The song is performed by Miriam Harel and was recorded by Gila Flam in Israel in 1985.

Polish

Lyrics: Miriam Harel
Melody: Polish folksong
 
Jada dzieci, jada droga,
Siostrzyczka I brat,
I nadziwic sie nie moga
Jaki podly swiat.
 
Tu sie widzi zólta late
Tam kolczasty drut
My odziani w stare szmaty
I drewniany but.
 
Wczoraj wzieli stad sieroty
I wyslali w dal.
Na placz zbiera sie ochota,
W sercu smutek, zal.
 
Jada dzieci, jada droga
Dokad? Dokad? Gdzie?
Tylko plaskac jeszcze moga
Póki pociag mknie…

English Translation

Łódź Ghetto, 1943 I
Lyrics: Miriam Harel
Melody: Polish folksong  

Children are going, are going away,
A brother and a sister
Wondering about the world,
What a nasty world. 

Here you see a yellow patch,
There you see barbed-wire fence,
We wear worn-out clothes
And wooden shoes.  

Yesterday they took away the orphans
And sent them far away.
One wants to cry,
And it is sad, and it is a pity.  

Children are going, are going away.
In their last days
They can only cry
As long as the train keeps going.

Miriam Harel composed the lyrics of the song and set it to a Polish children's song entitled 'Jadą dzieci, jadą droga' (Children are going away).  The song was composed after the big deportation from Łódź in September 1942. During eight days of curfew known in Łódź as the groyse shpere (great curfew), 20,000 elderly and sick people and children were deported.  This event was one of the most traumatic events in the life of the Łódź ghetto community.  Following this event, the streets of the ghetto, the youth clubs and most of the organised cultural events came to an end.  Domestic and private singing as Miriam describes it, could go on as long as one went on living.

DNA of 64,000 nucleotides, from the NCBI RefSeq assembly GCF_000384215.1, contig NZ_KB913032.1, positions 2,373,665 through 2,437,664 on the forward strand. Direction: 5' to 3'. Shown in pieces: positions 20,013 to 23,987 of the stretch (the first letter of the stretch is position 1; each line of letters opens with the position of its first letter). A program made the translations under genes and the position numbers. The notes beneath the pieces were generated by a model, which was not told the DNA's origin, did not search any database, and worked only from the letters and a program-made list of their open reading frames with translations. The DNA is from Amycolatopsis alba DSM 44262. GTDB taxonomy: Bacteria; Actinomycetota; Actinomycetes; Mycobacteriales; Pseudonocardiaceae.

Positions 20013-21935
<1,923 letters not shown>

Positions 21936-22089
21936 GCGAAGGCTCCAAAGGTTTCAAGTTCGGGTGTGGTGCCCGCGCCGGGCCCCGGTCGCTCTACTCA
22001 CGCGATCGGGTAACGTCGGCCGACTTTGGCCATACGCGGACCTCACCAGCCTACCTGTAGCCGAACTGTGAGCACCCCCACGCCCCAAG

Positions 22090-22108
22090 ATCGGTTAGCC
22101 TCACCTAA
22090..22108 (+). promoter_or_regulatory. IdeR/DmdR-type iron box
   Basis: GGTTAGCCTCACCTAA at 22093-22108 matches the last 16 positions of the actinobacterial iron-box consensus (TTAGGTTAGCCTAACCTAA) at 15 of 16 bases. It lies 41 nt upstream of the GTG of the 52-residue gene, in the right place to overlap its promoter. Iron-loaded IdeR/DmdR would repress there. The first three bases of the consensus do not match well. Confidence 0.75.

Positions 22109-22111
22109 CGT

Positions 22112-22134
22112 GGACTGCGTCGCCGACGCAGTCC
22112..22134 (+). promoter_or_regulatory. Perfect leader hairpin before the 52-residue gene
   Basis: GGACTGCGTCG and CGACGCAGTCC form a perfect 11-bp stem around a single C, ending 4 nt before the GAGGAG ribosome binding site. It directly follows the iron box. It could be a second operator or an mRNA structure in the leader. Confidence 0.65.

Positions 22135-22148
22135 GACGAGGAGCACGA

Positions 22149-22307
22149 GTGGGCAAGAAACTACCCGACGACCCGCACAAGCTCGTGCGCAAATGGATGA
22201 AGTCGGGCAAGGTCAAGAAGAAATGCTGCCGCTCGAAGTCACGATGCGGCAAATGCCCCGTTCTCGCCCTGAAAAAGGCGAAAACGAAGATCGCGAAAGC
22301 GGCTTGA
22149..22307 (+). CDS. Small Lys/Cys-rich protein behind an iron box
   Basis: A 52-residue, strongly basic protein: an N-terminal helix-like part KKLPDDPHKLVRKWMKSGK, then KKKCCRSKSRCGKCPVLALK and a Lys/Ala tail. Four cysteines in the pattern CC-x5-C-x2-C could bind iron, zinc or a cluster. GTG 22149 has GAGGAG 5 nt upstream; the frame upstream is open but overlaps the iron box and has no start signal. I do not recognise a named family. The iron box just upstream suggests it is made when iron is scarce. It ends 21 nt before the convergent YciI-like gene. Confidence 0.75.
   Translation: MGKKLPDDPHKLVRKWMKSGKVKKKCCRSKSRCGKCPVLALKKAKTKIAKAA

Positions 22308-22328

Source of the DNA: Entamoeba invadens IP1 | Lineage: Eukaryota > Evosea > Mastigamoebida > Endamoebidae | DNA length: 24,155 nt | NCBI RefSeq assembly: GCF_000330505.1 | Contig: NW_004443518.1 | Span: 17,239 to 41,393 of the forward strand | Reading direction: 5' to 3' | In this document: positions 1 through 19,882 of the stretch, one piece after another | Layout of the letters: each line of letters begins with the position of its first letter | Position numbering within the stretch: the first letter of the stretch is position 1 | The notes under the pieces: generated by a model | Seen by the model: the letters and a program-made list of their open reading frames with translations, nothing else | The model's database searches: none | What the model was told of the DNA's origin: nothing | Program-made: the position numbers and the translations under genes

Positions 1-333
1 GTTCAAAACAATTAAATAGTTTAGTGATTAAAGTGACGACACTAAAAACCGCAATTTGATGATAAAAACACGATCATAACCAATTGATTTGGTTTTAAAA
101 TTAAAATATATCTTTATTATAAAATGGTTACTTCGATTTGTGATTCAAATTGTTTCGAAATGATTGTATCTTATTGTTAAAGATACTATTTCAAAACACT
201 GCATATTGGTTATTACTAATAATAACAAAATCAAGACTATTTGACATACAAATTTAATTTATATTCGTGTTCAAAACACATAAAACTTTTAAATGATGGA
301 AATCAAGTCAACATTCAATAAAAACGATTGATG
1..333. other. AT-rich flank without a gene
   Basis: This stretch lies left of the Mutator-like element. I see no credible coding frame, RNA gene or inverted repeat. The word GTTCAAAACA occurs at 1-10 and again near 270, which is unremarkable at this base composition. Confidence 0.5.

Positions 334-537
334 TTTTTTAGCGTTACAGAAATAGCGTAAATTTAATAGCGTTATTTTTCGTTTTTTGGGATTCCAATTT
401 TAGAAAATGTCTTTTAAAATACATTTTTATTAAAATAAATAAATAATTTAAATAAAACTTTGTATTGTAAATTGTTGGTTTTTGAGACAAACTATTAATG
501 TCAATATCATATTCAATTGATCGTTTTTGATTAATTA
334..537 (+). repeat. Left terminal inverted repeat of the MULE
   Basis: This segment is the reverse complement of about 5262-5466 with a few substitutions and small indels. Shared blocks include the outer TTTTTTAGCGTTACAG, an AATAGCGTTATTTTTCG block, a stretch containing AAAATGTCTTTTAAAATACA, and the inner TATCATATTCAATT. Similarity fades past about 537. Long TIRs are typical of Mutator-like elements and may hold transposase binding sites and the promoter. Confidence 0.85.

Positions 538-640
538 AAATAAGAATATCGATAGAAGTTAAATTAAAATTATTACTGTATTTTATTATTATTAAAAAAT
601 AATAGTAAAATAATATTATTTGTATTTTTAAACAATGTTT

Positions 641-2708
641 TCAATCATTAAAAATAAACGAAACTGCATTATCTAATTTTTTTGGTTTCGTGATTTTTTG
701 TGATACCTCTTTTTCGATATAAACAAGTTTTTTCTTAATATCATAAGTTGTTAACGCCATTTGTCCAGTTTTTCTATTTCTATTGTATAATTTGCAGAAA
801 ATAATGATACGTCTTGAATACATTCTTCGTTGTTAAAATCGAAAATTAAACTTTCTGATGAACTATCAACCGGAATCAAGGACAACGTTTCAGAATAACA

The Polish children's song on which this is based speaks of children who wonder about the beauty of the world.  The contrast between the original tune evoking nostalgic moments from a beautiful world, and the new lyrics about imprisoned, innocent children starving in a world full of death, adds to the tragedy described in this song.

Miriam wrote this song after most of the orphan children of the ghetto were removed, leaving for an unknown destination where death awaited them.  By 1941 Miriam knew that adults and children were being deported from the ghetto, never to return.

Miriam was a counsellor in the Gordonya youth movement in the ghetto.  Aged 17, she was in charge of a group of thirty children aged eight to ten.  She led the group in debates, lectures and singing.  She found out that all of them were to be shipped off in a single deportation of orphaned children in 1942.  Miriam dedicated this song to these children, remembering their dark, questioning eyes.